23 1. Gastric Stasis Symptoms Epigastric fullness Early satiety Large volume vomits (?projectile) Hiccups Regurgitation (also if moving term ill pt) (?Minimal) Nausea quickly relieved by vomiting

24 1. Gastric Stasis Contributing factors: Stomach emptying problems (eg Autonomic: eg Diabetes, Gastritis, Peptic Ulcer) Compression of gastric outflow (eg Tumour, Hepatomegaly, Ascites) Drug Side-Effects (eg Anti-Cholinergics, Opioids)

25 1. Treating Gastric Stasis Treatment Reduce volume of oral intake: Little & often Reduce Gastric secretions: PPI (eg Omeprazole) Pro-kinetic agents: Dopamine D2-Antagonists: Metoclopramide (also 5HT4 agonist) Domperidone

26 2. Other GI or Visceral irritation Symptoms: Due to the GI or Visc irritation (eg Constipation) Constant Nausea Less or variable Vomiting ?‘Fullness’

27 2. Other GI or Visceral irritation Stimulation of Vagus / Gut 5HT3 receptors Contributing factors: GI or Visceral irritation: Pharyngeal irritation (eg Tumour/ Sputum/ Candida) Stretch receptors of: GI or GU Tract (eg Constipation, Bowel/ Ureteric obstruction) Visceral capsules (eg Hepatomegaly)

28 2. Treating GI or Visceral N&V Treatment Address cause (eg Constipation) Anti-Cholinergic (vs Vagus) Cyclizine 5HT3-Antagonist Ondansetron

29 3. Chemical or Metabolic N&V Characteristics: Constant nausea Less or variable vomiting

30 Stimulation of CTZ: D2 and 5HT3 receptors Contributing factors: Chemical: Drugs (many: esp Opioids, Antibiotics, Digoxin, NSAIDs, SSRIs, Chemotherapy) Metabolic (eg Renal / Liver failure, Hypercalcaemia of Malignancy, Hyponatraemia, sepsis) 3. Chemical or Metabolic N&V

31 3. Treating Chemical/ Metabolic N&V Dopamine D2-Antagonist: Metoclopramide 5HT3-Antagonist Ondansetron

32 4. Motion Sickness Characteristics: Vomiting on movement Dizziness ?Nystagmus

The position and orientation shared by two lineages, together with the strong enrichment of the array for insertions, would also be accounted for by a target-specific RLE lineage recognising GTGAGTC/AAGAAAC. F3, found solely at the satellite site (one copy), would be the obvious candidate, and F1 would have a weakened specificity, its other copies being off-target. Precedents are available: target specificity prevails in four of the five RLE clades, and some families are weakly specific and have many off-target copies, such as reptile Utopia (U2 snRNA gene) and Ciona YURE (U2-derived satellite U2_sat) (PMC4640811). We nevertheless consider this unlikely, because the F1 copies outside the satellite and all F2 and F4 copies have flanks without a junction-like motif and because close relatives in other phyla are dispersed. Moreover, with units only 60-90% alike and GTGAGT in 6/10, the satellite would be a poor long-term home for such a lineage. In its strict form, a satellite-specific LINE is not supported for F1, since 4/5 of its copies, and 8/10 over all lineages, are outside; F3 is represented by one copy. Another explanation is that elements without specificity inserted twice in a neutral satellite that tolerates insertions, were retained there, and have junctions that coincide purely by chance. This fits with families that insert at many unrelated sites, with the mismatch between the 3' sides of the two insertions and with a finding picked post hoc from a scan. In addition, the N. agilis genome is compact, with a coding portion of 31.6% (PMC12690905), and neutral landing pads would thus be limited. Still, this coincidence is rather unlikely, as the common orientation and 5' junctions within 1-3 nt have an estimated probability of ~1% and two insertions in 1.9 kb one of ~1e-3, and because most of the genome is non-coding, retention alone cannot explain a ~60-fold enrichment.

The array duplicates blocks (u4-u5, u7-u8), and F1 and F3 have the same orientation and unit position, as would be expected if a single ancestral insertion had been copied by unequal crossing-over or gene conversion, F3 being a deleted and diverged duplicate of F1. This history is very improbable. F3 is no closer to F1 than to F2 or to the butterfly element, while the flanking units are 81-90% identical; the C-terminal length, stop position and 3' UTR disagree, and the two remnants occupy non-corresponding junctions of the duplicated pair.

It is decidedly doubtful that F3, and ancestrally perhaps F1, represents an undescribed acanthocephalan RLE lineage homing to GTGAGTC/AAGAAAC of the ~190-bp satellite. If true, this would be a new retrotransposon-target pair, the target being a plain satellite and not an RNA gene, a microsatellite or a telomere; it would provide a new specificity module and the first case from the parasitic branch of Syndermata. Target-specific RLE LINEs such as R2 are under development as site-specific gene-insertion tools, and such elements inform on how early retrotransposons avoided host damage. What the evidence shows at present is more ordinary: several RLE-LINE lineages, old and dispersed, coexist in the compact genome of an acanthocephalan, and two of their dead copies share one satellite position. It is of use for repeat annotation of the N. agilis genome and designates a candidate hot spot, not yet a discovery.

33 4. Motion Sickness Stimulation of Vestibular System: H 1 & ACh m receptors Contributing factors: Stimulation of vestibular system Opioids can increase vestibular sensitivity ?Intracerebral cause

34 4. Treating Motion Sickness Anti-Histamine and Anti-Cholinergic Agents: Cyclizine

35 5. Raised Intracranial Pressure Characteristics: Symptoms worse in the morning? Headache Nausea Vomiting (?projectile)

36 5. Raised Intracranial Pressure Stimulation of the Vomiting Centre: H 1 & ACh m receptors Any cause of Raised ICP eg: Intracranial SOL (primary / secondary tumours) Skull Metastases Intracranial Haemorrhage Meningeal infiltration

37 5. Treating N&V due to Raised ICP Anti-Histamine and Anti-Cholinergic Agents: Cyclizine Depends on cause: eg ?SOL: ?Steroids ?Radiotherapy

38 6. Unknown or Multiple Causes Non-Drug Measures: Address anxiety as a trigger Minimise smells (eg perfume, cooking, fungating tumour) Try cool fizzy drinks (?more palatable than hot still drinks) Acupuncture / Acupressure Ginger Hypnotherapy

39 6. Treating N&V of Unknown cause Anti-Histamine and Anti-Cholinergic Agents: Cyclizine

40 Prescribing Exercise

41 Rows will do different scenarios (?Fictional) Name, DOB, Hospital ID, Allergies Most appropriate Antiemetic Drug (?cause) Most appropriate Route Correct Dose & Frequency using BNF Appropriate use of ‘Additional instructions’ box Sign & date your prescription! The person in the row behind you will mark your prescription! (Front row will mark Back row!)

42 1.It’s 5am on a Med Ward. You are the FY1 on duty. You are called to Gladys, a 79 year old woman with lung cancer, who looks distressed, clutching her vomit bowl. She’s waiting to go to Nursing Home as she cannot manage at home. This is not the first morning she has been like this. She also has a headache. 2.Heather is a 70 year old lady with breast cancer with bone metastases. She has arrived in Casualty feeling very nauseated and generally unwell. At times she appears a little confused. She is on a large number of tablets. 3.James is a 64 year old man with advanced pancreatic cancer. He is admitted to hospital having been vomiting for the last week. He is only able to tolerate very small amounts orally and his abdomen feels bloated. He vomits with every meal and occasionally after he has only been drinking. Each time he vomits he brings up large amounts of fluid. He tells you he is often troubled by hiccups.

43 4.Caroline is a 33 year old lady who is normally fit and well. She has had a mild cold recently. Last night she became much worse with the onset of dizziness. She tried to cope at home by putting herself to bed, but she has become so nauseated and incapacitated that she asked her husband to bring her to Casualty. She vomited several times on the way to Hospital. 5.Thomas is a 63 year old gentleman with prostate cancer which has metastasised to his spine. He developed spinal cord compression 3 weeks ago and now only has limited movement in both his legs. He is now waiting for a package of care to be set up so that he can go home again. He has been feeling nauseated for the last few days and been off his food for the last week. He has had difficulty opening his bowels since he came into hospital particularly in the last week. His abdomen feels bloated and uncomfortable.